Laufey’s voice felt otherworldly and sounded somehow even better than studio recordings of her songs. The bass player was mixing it up and slapping the bass on stage during a brief interlude/intermission, which Tifa referred to as “the cats cookin’”.
Sprinkled in between the songs were stories of lost love and tidbits about her day that felt very down to Earth. Laufey mentioned that she had grown up in the DC area and was extremely happy to be back, and then noted that the fries she had eaten earlier were starting to get to her (but that they were very good).
One example of a story of lost love that later gave way as an introduction to a song was a recount of how she felt an immense culture shock when first moving to Los Angeles. It led to her song “Falling Behind” where the opening lyric of the first verse is about moving to a new city. The verse then cleverly ends with the line “Ooh, this can’t be right” which was sung with harmonic dissonance and an unresolved chord to create tension that led into the chorus.
For the song “I Wish You Love”, Laufey took a seat by the string quartet and let her classically trained music skills shine. Accompanied by a backing track, she played her cello and sang with a smooth jazz tone.
She later moved to a baby grand piano located center stage for her more melancholic songs. The lighting behind her also aided heavily in creating a dramatic atmosphere. During the iconic and saddening chorus of the song “Let You Break My Heart Again”, the spotlight was directly on her and her piano while the lights in the background resembled stars as if she was yearning for someone or something during the nighttime.
The people behind Tifa and Noah also agreed that it was a beautiful scene and wanted to immortalize the moment, resulting in the rest of the crowd being flashbanged by the flash of people’s phone cameras. Everyone in their vicinity immediately turned around to shoot them dirty looks.
A lot of moments where the crowd would get entranced by the instrumentals and the stunning visuals were unfortunately disrupted by the crowd’s behavior. One example was during the “Bewitched” interlude, a part of the show with breathtaking orchestral instrumentals. The focus of the audience was again drawn away from the stage due to someone taking flash photos.
Towards the end of her concert, Laufey talked about her time in DC and how much it meant to her to be back. She grew up in the northwestern part of the district, and the first two years of her music career were actually written and published right from her bedroom. She then tied the show together by singing her most popular song “From the Start”. In the last line of the song, she changed the lyrics and sang “…DC, I’ve loved you from the start” which was met with joyous uproar from the crowd.
As the night progressed, Laufey’s incredible start lost no momentum as each song garnered more applause from the crowd. Someone that wasn’t aware of her status as a musical powerhouse would leave the concert thinking nothing else. She swapped instruments multiple times throughout the concert from her selection of three guitars to the cello, as well as piano. One could almost expect her to pull out a one-woman band setup. Even with this she never snuffed her band, introducing them all by name and allowing them to steal the spotlight for a brief moment.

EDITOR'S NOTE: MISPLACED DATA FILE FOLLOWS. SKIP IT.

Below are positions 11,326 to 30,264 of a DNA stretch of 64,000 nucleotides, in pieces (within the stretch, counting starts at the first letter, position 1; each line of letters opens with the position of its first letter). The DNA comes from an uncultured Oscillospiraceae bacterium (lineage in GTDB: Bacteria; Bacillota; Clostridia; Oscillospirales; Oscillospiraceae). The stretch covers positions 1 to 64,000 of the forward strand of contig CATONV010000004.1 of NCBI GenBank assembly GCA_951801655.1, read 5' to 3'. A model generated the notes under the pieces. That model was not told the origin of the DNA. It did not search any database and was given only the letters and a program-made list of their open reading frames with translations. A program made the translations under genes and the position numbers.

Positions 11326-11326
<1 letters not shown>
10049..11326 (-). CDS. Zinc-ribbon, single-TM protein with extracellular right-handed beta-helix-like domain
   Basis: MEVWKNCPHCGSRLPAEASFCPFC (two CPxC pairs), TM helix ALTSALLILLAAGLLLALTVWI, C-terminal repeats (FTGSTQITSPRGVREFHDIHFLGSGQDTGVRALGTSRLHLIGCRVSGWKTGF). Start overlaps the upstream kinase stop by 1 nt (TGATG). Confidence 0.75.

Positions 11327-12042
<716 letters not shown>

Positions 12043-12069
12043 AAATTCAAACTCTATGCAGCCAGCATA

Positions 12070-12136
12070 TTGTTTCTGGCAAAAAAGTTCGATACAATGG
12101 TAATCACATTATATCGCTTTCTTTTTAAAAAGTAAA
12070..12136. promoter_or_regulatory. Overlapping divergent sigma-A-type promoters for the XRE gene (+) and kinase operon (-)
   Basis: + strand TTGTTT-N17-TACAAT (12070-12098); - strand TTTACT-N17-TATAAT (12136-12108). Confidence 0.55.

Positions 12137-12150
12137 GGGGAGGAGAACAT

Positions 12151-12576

Even though there were only good things to say about Laufey’s performance there were glaring issues with the audience. It was frustrating to try and watch the show with multiple people constantly taking photos with the flash on, or using digital cameras to capture them and their friends while everyone behind them contorted their faces in agony.
The lack of concert etiquette has been a rather prevalent topic online post-COVID with situations like Steve Lacey, Death Grips, etc. As someone susceptible to seizures, Tifa was not expecting a Laufey concert to be an environment where she would have to be on guard to ensure that a bright light being suddenly shone into her face wouldn’t cause any damage to her well-being.
Ultimately, the crowd is what makes or breaks a concert experience and this crowd was just not it. This type of behavior is expected at a venue such as Capital One Arena, where there is a general admission pit but definitely not at a sit-down venue like the Lincoln Theater.
This incredibly frustrating experience led to dissatisfaction leaving the concert. The performance was wonderful but the constant flashing lights during songs only really served to detract from the listening and viewing experience. It soured Tifa and Noah for the rest of the evening, but they ended up eating afterward and that was cool. Ben’s Chili Bowl is solid (Tifa was a big fan of the banana pudding and has been thinking about it since).